Another possibly useful tool might be something like the iPod “30s rewind” button, that just nudges the playhead back a few seconds (this might be useful for example if you’re typing a comment as the video plays, and you miss something you want to listen to again…)

There are probably lots of other “freeze time” options that make sense when capturing “live” comments against a recording, but none spring to mind just at the moment!;-)

PS As to where Martin might push uTitle next, I can’t wait to see…:-) Maybe Google will add the idea to Youtube along with Google Moderator and the new Youtube video editor? Or maybe martin will find some API dangly bits around the Youtube Replay it service that’s just started rolling out as a Google live search feature, and which allows you to “zoom to any point in time and “replay” what people were saying publicly about a topic on Twitter.”

Written by Tony Hirst

June 21, 2010 at 1:35 pm

Posted in Anything you want

Tagged with ,

Confluence in My Feed Reader – The Side Effects of Presenting

Don’tcha just love it when a complementary posts happen along within a day or two of each other? Earlier this week, Martin posted on the topic of Academic output as collateral damage suggested that “you can view higher education as a long tail content production system. And if you are producing this stuff as a by-product of what you do anyway then a host of new possibilities open up. You can embrace unpredictability”.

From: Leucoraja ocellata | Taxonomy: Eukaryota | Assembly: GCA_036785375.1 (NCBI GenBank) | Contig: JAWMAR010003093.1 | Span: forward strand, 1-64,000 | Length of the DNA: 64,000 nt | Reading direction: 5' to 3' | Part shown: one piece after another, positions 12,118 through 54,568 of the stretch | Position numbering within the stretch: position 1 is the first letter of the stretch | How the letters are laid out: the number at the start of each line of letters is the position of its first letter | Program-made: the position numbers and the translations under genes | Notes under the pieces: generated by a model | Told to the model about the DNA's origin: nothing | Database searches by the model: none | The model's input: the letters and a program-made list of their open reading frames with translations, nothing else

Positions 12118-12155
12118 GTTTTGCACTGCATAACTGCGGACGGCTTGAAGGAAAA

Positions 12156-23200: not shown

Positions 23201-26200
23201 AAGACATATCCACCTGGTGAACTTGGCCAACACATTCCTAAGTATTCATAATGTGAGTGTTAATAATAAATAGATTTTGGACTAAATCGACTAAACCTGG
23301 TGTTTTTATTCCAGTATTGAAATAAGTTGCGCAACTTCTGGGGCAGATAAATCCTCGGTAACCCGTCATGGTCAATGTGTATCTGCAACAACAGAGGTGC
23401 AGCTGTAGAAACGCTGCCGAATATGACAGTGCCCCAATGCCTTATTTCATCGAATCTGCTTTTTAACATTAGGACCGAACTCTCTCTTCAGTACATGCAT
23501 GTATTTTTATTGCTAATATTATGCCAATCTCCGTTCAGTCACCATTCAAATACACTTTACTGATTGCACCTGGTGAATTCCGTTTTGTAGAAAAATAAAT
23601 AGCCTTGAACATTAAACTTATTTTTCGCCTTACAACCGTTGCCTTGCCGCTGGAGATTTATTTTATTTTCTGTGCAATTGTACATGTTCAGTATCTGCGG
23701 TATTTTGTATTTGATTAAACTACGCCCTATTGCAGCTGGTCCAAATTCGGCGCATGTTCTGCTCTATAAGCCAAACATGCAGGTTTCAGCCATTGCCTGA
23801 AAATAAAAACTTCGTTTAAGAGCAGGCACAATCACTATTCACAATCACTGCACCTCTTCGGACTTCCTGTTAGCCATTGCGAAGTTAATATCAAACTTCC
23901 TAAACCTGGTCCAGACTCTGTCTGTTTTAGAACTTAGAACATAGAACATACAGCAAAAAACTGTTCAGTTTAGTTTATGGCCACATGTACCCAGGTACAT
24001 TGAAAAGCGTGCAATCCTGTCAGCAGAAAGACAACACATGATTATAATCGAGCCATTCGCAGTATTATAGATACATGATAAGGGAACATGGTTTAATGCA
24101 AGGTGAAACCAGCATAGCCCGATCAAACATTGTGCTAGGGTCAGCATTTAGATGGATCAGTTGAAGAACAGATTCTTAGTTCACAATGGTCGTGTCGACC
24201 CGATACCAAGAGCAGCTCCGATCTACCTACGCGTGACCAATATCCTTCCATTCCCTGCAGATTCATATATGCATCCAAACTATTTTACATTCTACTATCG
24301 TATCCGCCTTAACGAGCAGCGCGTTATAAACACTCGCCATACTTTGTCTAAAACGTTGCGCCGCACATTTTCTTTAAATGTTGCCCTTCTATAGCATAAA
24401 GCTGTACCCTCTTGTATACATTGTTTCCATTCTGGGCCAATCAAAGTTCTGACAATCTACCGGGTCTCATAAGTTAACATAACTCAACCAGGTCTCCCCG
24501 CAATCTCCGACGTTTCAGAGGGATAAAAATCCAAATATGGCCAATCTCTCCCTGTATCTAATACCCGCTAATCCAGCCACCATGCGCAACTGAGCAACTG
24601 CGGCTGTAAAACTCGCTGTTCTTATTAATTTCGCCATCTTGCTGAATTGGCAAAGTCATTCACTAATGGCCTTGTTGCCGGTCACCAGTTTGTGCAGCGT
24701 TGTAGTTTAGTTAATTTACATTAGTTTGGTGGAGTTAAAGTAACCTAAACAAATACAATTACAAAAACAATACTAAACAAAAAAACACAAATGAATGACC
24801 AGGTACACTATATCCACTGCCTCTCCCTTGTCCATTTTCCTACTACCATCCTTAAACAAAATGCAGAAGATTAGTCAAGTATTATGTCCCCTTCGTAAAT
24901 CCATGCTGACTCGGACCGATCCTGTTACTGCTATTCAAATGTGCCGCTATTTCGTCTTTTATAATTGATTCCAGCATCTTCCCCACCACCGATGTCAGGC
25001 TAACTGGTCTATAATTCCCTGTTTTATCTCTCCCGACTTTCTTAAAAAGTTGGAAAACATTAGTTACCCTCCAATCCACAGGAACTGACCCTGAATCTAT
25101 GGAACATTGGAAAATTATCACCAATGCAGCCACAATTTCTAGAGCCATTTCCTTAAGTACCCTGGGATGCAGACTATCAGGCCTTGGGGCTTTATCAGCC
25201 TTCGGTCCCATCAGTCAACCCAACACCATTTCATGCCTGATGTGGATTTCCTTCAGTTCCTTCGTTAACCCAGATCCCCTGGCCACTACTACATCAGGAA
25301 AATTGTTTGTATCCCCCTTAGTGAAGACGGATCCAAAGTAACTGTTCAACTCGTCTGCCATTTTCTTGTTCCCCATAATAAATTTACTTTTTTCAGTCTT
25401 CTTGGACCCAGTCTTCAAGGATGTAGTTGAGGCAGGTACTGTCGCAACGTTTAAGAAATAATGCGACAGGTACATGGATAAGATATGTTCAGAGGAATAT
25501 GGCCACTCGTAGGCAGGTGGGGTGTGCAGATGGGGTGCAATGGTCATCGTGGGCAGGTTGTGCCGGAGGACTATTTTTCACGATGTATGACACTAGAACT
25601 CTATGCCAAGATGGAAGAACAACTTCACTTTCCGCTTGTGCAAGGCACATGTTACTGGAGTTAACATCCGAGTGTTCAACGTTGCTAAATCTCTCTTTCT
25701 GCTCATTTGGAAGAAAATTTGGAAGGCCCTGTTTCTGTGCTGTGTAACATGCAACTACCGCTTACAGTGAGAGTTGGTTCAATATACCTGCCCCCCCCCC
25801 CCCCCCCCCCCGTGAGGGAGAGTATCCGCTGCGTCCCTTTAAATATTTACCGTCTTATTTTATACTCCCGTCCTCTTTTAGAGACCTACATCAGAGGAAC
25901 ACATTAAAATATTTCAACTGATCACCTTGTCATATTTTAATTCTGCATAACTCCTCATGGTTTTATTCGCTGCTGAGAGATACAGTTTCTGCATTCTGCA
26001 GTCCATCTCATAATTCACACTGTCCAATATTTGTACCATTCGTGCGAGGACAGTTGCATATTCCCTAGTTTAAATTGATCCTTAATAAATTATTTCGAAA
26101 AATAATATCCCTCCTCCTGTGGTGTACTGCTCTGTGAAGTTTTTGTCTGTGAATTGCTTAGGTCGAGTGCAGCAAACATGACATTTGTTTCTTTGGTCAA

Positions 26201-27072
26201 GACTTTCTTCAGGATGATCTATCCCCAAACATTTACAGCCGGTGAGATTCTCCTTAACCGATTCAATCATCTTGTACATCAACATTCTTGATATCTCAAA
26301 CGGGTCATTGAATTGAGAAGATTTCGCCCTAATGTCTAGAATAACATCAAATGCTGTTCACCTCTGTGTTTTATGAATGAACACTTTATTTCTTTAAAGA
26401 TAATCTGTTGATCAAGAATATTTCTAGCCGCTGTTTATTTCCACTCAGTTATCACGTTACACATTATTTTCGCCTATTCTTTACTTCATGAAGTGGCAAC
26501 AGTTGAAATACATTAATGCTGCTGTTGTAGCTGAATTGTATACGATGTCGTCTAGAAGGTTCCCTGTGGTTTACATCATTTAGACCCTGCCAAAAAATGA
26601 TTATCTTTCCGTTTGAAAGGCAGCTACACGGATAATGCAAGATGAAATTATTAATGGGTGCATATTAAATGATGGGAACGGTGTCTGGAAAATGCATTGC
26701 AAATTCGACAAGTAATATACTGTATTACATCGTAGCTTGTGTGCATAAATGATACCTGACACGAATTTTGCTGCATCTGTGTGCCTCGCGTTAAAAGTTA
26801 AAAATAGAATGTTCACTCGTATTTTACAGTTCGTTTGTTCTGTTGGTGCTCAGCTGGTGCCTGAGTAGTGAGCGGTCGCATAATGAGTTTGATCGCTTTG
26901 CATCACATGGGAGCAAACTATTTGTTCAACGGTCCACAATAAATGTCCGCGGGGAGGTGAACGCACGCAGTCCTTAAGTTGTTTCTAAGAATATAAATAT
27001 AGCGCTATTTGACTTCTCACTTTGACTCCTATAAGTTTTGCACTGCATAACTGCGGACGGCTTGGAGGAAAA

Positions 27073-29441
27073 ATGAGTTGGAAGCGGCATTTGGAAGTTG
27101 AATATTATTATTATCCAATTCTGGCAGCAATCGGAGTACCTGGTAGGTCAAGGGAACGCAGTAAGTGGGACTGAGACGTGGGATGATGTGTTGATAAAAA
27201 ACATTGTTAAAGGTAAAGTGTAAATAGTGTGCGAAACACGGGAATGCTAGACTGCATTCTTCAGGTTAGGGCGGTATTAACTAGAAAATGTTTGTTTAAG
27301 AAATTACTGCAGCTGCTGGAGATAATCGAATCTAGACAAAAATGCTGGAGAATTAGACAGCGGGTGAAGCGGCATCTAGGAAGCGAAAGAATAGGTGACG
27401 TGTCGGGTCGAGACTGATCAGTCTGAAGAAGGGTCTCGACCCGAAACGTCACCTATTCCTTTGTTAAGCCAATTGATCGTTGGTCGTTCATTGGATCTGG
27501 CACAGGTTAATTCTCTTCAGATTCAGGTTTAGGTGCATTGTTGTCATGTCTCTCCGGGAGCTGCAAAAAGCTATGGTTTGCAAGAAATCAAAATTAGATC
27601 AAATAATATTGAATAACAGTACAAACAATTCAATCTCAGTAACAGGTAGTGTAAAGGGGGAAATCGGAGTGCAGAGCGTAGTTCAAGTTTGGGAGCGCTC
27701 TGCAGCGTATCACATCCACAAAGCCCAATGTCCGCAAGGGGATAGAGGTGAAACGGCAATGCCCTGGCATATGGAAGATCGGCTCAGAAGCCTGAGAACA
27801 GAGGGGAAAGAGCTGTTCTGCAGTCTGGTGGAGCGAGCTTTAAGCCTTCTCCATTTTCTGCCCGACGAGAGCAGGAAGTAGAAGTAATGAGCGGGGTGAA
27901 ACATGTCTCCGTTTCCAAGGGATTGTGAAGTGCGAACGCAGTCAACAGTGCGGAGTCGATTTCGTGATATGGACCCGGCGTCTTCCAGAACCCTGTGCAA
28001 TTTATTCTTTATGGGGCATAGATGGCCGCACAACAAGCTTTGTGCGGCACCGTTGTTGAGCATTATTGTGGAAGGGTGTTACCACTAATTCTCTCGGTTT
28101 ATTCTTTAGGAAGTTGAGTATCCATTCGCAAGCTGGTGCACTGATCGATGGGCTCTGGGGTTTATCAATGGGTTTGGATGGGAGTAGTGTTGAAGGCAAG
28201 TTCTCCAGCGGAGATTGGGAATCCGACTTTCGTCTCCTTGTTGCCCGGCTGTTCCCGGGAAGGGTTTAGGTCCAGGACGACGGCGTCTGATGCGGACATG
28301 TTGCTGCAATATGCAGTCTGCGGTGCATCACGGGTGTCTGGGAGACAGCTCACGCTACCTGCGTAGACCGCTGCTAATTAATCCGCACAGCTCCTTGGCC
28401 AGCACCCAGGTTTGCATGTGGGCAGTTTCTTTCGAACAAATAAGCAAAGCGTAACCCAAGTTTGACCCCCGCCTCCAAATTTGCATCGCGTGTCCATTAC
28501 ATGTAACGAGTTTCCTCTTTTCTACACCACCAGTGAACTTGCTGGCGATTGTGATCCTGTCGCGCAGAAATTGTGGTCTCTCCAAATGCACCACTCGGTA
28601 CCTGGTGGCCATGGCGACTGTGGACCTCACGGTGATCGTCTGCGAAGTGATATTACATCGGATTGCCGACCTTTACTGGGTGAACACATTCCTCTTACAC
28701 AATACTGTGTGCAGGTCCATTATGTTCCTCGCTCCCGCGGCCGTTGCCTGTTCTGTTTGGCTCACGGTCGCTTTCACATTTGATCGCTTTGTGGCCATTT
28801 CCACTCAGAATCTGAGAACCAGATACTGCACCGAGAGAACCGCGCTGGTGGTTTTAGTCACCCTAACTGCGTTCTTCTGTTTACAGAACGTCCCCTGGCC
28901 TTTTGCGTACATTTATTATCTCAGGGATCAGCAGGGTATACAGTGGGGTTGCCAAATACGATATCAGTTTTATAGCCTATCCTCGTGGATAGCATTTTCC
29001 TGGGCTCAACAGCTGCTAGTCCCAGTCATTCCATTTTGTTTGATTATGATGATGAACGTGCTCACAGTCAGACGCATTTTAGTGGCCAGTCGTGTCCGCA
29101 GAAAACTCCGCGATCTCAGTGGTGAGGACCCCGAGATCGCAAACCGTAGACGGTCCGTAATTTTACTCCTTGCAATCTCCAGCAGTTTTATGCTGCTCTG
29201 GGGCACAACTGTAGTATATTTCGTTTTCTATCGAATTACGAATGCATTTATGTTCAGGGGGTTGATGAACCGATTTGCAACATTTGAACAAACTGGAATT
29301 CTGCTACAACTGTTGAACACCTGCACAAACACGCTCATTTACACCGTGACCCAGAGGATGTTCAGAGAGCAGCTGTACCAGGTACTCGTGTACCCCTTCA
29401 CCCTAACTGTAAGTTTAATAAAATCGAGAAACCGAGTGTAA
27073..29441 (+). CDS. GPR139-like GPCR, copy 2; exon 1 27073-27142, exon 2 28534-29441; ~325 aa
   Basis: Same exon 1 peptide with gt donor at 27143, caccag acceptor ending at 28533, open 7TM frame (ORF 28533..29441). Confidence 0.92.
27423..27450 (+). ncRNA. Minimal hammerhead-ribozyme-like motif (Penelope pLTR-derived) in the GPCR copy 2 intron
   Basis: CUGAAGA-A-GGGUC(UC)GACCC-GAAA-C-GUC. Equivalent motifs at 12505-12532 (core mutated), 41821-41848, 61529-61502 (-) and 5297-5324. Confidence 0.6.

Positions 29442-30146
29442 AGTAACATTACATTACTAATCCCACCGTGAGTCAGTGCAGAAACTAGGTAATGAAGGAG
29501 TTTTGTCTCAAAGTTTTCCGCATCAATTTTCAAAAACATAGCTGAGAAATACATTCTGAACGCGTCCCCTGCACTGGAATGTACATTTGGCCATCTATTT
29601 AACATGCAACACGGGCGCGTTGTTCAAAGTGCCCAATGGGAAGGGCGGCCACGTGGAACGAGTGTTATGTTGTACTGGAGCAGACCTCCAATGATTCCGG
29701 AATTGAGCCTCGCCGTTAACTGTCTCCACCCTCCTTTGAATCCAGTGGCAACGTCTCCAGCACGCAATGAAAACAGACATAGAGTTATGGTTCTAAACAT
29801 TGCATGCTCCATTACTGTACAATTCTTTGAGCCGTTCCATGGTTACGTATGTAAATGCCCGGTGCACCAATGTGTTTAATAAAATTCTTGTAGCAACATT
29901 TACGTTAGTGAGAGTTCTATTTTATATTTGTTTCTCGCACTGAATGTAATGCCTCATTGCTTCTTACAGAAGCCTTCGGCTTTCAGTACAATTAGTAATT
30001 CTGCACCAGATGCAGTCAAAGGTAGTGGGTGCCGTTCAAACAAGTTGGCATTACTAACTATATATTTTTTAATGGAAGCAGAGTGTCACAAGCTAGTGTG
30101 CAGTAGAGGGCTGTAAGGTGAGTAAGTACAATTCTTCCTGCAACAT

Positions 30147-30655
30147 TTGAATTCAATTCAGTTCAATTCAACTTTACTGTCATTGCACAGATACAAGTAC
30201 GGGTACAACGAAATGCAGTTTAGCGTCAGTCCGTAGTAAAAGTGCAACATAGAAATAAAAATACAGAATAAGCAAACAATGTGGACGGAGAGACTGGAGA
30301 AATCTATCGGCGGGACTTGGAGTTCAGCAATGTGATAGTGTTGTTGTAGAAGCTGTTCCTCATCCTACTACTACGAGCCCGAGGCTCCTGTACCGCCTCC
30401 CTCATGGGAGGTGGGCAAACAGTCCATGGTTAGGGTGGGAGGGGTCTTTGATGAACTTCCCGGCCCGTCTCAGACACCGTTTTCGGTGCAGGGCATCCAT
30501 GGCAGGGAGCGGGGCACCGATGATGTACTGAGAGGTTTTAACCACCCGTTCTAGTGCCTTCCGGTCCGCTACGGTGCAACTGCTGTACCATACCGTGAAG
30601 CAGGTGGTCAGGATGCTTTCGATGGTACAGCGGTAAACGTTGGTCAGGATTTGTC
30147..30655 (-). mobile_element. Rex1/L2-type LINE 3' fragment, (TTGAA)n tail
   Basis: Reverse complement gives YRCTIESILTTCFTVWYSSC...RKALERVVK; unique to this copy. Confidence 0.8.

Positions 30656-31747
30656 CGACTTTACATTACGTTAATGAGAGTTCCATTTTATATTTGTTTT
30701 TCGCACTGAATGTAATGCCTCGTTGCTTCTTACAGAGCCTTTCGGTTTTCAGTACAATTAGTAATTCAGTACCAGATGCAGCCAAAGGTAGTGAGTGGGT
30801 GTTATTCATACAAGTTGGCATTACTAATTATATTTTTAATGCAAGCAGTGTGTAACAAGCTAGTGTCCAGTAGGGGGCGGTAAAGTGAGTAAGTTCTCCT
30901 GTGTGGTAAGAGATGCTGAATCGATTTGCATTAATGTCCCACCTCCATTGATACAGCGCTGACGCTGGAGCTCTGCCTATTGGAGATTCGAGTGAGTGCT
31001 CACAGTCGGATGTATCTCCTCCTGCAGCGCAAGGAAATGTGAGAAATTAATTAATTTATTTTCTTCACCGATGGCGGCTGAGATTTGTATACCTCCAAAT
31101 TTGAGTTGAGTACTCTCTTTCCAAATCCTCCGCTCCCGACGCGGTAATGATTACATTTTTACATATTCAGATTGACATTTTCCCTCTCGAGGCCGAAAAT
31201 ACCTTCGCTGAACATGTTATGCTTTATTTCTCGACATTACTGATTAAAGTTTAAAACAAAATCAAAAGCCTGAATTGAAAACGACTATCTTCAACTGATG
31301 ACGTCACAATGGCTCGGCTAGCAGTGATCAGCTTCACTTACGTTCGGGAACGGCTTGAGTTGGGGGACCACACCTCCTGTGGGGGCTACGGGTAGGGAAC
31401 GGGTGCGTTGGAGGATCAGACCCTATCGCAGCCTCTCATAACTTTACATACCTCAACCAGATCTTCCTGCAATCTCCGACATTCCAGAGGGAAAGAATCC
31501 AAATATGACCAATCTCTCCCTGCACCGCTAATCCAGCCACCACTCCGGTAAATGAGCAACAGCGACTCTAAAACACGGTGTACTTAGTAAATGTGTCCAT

And then today, other Martin comes along with a post – Presentation: Twitter for in-class voting and more for ESTICT SIG – linking to a recording of a presentation he gave yesterday, but one that includes twitter backchannel captions from the presentation that were tweeted by the presentation that in turn itself, as well as the (potentially extended/remote) audience.

Brilliant… I love it…I’m pretty much lost for words…

`Just... awesome...

What we have here, then, is the opening salvo in a presentation capture and amplification strategy where the side effects of the presentation create a legacy in several different dimensions – an audio-visual record, for after the fact; a presentation that announces it’s own state to a potentially remote Twitter audience, and that in turn can drive backchannel activity; a recording of the backchannel, overlaid as captions on the video recording; and a search index that provides timecoded results from a search based on the backchannel and the tweets broadcast by the presentation itself. (If nothing else, capturing just the tweets from the presentation provides a way of deep searching in time into the presentation).

Amazing… just amazing…

Written by Tony Hirst

April 30, 2010 at 1:16 pm

Searching the Backchannel – Martin Bean, OU VC, Twitter Captioned at JISC10